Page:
Biosensor Innovation

The iLine Fast, developed by Applikon Biotechnology, is a case in point. The technology is an inline optical cell image analyzer designed to let manufacturers monitor mammalian cell cultures more accurately, explains Erik Kakes, commercial director, Applikon.

“The iLine Fast takes holograms of the cells and, through advanced image analysis software, generates the cell count, size, distribution, and viability data, as well as the viral load information in real time and other parameters automatically during the cultivation,” he explains.

The advantage of this approach, Kakes says, is that it reduces the risk of human error and produces less hazardous waste than traditional biosensor technologies and techniques.

“Estimates of cell count and cell viability are traditionally performed once a day using Trypan-Blue cell exclusion as a method of choice. Stained samples are destroyed afterward, creating toxic waste. Sampling a bioreactor and counting cells involve manual operations, and weekend work is regularly needed.

“One of the challenges of microscope image analysis performed by humans is the reproducibility between samples and the reproducibility between operators. Readings will differ between each person as well as between different samples by the same operators. This makes optical analysis of cells by operators unreliable from a process control point of view,” Kakes says.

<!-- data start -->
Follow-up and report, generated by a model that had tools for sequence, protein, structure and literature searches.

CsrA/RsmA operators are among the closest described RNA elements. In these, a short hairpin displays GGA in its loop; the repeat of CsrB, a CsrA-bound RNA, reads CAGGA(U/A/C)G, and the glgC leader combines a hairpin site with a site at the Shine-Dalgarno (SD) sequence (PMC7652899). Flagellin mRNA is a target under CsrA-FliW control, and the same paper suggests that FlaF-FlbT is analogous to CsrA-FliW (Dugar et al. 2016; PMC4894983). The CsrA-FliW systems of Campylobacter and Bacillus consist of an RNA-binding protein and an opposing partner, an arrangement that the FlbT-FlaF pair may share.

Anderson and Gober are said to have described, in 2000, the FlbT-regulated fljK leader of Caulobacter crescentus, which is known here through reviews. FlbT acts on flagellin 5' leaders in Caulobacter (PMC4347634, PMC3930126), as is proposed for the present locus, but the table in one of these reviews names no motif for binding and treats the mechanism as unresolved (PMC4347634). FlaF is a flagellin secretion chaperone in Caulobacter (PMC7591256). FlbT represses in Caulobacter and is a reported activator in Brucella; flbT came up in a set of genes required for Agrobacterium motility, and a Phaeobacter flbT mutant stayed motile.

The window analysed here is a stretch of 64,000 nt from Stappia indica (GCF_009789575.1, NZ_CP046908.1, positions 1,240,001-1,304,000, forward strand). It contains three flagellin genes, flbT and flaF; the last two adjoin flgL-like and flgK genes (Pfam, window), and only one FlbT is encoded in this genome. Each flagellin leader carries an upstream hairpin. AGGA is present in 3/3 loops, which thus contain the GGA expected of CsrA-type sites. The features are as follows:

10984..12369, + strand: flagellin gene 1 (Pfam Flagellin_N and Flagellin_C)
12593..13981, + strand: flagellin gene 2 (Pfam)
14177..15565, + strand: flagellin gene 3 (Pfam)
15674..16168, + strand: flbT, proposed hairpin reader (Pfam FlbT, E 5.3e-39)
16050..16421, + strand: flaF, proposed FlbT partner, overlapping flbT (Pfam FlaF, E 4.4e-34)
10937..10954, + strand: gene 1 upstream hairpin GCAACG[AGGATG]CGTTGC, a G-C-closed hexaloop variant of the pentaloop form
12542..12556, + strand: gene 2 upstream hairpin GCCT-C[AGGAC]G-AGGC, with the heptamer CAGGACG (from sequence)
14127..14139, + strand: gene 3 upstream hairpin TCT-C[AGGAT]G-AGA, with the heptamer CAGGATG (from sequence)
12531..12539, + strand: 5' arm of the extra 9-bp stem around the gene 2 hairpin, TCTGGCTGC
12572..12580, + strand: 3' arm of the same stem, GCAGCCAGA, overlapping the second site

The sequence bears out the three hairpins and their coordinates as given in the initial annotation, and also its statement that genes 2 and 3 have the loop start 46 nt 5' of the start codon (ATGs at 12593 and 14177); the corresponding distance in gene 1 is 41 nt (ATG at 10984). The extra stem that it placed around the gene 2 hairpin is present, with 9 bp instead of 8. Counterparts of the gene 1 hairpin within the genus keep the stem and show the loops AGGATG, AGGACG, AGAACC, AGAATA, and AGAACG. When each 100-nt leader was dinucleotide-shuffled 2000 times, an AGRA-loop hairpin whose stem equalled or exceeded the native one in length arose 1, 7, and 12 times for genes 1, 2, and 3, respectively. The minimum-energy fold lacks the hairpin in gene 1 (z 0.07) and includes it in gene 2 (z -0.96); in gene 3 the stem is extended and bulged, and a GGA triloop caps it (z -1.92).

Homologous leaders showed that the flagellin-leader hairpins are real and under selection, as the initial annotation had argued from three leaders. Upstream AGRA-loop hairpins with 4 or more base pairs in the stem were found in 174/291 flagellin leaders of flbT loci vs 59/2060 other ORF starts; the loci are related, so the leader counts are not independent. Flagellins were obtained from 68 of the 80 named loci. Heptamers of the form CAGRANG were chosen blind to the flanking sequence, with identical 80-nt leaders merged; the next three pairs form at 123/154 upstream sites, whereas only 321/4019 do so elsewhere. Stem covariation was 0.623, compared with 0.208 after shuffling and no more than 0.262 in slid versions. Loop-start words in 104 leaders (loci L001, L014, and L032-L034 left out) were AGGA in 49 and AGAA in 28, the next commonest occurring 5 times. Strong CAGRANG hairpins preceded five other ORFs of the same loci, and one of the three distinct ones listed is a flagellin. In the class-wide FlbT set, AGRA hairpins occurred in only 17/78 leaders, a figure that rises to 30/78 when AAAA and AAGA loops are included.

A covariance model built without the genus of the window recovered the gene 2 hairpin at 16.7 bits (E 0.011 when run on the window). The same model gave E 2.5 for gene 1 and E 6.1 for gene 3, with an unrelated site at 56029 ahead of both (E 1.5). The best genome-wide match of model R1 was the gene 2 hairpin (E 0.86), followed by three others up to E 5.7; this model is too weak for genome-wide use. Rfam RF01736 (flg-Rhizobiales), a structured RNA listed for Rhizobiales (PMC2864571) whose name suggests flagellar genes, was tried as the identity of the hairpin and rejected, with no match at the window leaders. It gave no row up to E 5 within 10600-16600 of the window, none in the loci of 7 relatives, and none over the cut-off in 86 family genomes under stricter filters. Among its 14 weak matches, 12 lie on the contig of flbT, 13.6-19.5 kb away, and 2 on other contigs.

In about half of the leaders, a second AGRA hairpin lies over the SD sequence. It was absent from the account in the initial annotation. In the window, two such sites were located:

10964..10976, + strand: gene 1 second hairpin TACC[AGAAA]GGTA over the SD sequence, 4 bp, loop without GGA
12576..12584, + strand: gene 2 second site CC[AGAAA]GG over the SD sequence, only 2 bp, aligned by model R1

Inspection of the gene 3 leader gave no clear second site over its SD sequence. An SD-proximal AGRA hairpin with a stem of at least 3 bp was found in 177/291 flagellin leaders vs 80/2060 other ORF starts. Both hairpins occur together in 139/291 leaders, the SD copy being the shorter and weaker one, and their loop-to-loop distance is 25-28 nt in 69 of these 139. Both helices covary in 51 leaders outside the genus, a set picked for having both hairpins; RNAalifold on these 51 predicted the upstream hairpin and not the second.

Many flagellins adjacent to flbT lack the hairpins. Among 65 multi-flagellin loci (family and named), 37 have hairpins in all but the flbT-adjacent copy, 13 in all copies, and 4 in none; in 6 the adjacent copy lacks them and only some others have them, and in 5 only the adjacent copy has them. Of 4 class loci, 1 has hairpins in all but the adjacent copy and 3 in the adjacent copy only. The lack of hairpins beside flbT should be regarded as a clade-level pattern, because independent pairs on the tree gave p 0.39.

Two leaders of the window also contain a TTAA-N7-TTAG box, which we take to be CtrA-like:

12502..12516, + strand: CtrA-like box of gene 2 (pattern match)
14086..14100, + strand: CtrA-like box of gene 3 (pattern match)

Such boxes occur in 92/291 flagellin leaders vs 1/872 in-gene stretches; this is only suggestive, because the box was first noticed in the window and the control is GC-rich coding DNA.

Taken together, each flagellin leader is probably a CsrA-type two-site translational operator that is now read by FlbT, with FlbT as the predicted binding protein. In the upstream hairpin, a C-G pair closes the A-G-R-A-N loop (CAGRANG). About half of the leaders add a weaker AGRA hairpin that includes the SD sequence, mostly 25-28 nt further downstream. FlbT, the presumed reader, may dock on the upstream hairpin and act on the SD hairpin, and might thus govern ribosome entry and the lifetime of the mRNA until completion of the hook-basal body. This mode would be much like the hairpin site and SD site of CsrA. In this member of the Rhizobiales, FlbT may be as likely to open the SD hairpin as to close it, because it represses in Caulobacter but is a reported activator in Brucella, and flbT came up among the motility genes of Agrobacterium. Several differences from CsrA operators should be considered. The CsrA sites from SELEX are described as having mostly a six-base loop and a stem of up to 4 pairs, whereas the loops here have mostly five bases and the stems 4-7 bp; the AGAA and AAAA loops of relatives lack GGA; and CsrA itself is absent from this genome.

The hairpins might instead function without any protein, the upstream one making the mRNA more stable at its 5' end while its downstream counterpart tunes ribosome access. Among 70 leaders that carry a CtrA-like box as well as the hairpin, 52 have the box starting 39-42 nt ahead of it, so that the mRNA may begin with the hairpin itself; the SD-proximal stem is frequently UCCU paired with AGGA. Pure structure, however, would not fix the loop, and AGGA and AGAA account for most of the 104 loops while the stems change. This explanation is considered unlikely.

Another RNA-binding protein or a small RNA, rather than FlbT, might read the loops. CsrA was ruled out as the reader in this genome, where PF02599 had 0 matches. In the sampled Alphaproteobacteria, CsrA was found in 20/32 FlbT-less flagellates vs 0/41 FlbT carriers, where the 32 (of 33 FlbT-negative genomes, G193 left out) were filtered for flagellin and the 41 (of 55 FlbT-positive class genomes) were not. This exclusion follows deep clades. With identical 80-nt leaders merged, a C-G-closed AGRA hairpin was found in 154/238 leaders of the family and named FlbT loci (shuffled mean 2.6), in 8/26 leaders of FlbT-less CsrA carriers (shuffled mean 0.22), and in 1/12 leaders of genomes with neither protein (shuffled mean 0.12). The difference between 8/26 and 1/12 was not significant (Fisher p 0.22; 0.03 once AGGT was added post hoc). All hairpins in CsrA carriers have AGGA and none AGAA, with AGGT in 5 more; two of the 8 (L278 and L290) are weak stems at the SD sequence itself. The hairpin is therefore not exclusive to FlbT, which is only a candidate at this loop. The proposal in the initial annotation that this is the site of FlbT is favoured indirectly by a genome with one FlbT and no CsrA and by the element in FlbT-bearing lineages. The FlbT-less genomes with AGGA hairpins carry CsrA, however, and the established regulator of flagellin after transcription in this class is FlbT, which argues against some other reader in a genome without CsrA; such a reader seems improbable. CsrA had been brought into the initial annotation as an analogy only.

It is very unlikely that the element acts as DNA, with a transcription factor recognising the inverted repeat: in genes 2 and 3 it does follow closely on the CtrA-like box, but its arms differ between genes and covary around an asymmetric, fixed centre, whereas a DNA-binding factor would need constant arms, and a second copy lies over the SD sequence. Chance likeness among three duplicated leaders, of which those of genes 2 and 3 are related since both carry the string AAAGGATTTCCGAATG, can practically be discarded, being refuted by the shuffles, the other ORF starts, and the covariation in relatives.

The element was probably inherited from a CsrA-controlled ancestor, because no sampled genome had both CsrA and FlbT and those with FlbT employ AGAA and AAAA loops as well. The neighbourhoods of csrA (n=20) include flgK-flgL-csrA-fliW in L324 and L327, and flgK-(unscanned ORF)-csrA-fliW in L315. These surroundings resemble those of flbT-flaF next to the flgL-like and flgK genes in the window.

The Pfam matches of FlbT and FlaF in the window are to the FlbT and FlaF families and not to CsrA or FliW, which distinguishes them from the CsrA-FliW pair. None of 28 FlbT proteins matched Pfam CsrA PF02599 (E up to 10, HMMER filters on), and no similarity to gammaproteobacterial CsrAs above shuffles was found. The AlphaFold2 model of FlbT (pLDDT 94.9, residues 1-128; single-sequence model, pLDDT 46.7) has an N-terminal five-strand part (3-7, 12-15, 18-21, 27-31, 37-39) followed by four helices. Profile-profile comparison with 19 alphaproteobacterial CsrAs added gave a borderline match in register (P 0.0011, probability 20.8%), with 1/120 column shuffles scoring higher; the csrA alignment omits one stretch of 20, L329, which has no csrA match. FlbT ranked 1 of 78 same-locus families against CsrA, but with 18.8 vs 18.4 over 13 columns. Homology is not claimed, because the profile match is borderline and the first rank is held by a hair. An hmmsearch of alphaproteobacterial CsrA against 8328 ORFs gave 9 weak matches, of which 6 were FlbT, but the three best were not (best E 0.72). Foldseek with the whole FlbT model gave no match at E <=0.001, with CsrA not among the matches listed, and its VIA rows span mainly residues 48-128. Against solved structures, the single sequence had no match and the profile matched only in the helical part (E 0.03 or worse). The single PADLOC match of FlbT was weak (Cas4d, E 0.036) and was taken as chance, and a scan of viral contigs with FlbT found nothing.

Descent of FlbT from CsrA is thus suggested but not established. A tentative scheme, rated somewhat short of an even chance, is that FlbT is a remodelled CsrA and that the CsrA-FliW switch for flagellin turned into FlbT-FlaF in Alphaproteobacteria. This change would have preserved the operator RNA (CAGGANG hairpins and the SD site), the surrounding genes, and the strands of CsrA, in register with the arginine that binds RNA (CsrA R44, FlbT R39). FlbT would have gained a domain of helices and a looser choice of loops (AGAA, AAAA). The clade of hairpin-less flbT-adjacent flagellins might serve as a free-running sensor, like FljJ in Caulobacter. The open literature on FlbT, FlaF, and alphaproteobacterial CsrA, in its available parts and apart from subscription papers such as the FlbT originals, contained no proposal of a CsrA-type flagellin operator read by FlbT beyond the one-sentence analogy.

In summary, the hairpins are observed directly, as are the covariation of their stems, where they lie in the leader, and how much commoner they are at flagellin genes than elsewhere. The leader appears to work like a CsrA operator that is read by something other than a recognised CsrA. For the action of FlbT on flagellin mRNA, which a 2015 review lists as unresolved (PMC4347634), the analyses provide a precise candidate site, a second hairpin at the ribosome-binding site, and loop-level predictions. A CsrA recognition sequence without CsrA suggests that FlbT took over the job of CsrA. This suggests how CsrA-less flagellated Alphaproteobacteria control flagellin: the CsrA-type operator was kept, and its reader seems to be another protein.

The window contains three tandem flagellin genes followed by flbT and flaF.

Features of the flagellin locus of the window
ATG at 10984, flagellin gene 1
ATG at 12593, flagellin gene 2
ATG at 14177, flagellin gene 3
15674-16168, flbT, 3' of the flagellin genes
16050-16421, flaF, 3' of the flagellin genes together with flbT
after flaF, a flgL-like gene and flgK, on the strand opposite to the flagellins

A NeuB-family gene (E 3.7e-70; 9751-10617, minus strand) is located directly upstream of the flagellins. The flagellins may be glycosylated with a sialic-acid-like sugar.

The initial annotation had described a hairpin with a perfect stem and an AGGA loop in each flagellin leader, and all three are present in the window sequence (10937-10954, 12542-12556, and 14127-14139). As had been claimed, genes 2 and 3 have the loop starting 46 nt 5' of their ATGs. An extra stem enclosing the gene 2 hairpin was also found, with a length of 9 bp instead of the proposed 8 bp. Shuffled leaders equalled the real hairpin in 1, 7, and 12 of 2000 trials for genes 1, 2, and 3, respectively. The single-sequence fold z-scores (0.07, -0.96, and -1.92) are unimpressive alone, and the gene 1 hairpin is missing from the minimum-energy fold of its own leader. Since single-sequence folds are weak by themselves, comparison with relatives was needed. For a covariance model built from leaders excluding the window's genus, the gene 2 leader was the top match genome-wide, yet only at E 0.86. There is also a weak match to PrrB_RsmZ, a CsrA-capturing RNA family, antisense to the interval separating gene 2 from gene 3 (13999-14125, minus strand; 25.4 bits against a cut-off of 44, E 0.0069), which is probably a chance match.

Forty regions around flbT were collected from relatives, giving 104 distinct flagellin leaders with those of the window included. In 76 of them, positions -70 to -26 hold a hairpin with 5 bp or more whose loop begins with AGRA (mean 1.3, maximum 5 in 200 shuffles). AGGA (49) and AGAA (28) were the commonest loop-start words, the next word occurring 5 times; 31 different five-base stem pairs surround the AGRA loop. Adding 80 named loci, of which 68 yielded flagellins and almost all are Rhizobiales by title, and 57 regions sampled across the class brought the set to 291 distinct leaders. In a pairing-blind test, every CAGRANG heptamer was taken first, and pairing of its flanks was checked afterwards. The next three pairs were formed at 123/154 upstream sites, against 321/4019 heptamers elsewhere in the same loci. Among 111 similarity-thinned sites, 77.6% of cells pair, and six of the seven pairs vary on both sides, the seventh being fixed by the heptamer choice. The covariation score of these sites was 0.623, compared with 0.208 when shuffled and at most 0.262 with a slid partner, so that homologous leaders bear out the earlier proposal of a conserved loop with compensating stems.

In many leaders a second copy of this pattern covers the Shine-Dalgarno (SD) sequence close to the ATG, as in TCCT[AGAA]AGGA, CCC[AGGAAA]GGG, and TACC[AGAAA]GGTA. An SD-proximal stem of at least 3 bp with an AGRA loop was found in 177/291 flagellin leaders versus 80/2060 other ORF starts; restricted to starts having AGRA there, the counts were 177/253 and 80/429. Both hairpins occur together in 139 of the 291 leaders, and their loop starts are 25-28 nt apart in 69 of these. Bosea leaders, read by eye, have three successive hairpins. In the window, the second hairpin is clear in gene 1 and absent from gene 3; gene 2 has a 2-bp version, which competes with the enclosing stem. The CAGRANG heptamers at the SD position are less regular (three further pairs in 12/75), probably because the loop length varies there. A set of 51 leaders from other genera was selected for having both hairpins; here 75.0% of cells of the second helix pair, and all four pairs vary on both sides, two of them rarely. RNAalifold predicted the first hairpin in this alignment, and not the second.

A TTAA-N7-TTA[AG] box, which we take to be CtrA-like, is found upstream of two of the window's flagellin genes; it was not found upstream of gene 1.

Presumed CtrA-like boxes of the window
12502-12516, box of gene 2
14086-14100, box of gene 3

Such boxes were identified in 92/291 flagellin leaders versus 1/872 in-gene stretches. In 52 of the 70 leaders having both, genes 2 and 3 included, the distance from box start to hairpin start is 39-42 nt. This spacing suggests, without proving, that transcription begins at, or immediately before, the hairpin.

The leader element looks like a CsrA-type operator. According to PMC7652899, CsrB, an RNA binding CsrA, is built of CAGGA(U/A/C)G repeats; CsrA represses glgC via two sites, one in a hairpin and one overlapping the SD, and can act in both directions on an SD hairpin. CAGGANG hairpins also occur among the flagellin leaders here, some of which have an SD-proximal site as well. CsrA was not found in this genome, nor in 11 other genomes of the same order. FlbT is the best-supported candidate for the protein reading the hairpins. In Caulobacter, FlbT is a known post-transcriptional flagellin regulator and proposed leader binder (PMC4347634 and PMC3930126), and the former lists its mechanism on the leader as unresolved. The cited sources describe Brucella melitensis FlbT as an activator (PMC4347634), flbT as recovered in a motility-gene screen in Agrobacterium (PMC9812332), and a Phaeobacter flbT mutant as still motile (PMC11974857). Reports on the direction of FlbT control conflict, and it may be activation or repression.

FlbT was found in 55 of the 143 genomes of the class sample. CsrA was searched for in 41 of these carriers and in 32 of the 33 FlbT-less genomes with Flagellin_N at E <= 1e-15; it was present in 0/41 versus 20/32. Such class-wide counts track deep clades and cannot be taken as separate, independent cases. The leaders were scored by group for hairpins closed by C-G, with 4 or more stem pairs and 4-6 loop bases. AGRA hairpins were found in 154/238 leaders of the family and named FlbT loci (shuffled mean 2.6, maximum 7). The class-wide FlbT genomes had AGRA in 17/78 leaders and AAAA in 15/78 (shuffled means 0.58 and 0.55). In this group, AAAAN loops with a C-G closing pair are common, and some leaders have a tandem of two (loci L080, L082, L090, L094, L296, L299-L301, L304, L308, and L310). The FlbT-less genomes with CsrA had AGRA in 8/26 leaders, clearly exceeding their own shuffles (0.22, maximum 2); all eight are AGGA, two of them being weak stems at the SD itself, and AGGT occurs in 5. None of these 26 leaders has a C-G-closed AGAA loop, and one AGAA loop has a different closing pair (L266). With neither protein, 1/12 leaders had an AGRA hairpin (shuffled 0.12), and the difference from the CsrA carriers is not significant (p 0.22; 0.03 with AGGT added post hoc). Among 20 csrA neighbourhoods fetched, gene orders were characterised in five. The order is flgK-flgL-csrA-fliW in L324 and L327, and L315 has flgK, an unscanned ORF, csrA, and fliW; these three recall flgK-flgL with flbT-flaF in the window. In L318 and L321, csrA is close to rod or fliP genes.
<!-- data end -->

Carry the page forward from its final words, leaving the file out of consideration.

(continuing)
The iLine Fast technology is designed to eliminate such variation by replacing human analysis of optical images with analysis software which, Applikon claims, makes for more reproducible and more reliable information.

“The software can analyze more images and more details of each image—resulting in more and better information on a continuous basis. Human observation differs from person to person and from sample to sample, making it a subjective measurement on a discontinuous basis,” Kakes says.


Digital Holography

Core to the iLine Fast technology is the application of a technique known as “differential digital holographic microscopy.” In digital holography, a scattered light beam reflected by an illuminated object interferes with a reference beam on a CCD camera allowing for a 3D numerical reconstruction of the object.

“Differential digital holography is an evolution of this base technology that brings increased stability and an important size reduction of instruments. Digital holography can construct intensity images, quantitative phase images, and 3D images covering the shape and density of an object,” Kakes says.

The technology can optimize processes from a product quality standpoint, according to Kakes. “Using it to determine the infection status in virus cultivation, one can detect the optimal harvest point of these cultures in minutes. This immediately affects the quality of the product, increases shelf-life, and increases productivity of the culture,” he adds.


Handling Big Data

Monitoring biopharmaceutical manufacturing generates data. A lot of data. Ensuring that this information is stored, transferred, and analyzed effectively is another factor driving the biosensor sector, particularly the field of biosensor development.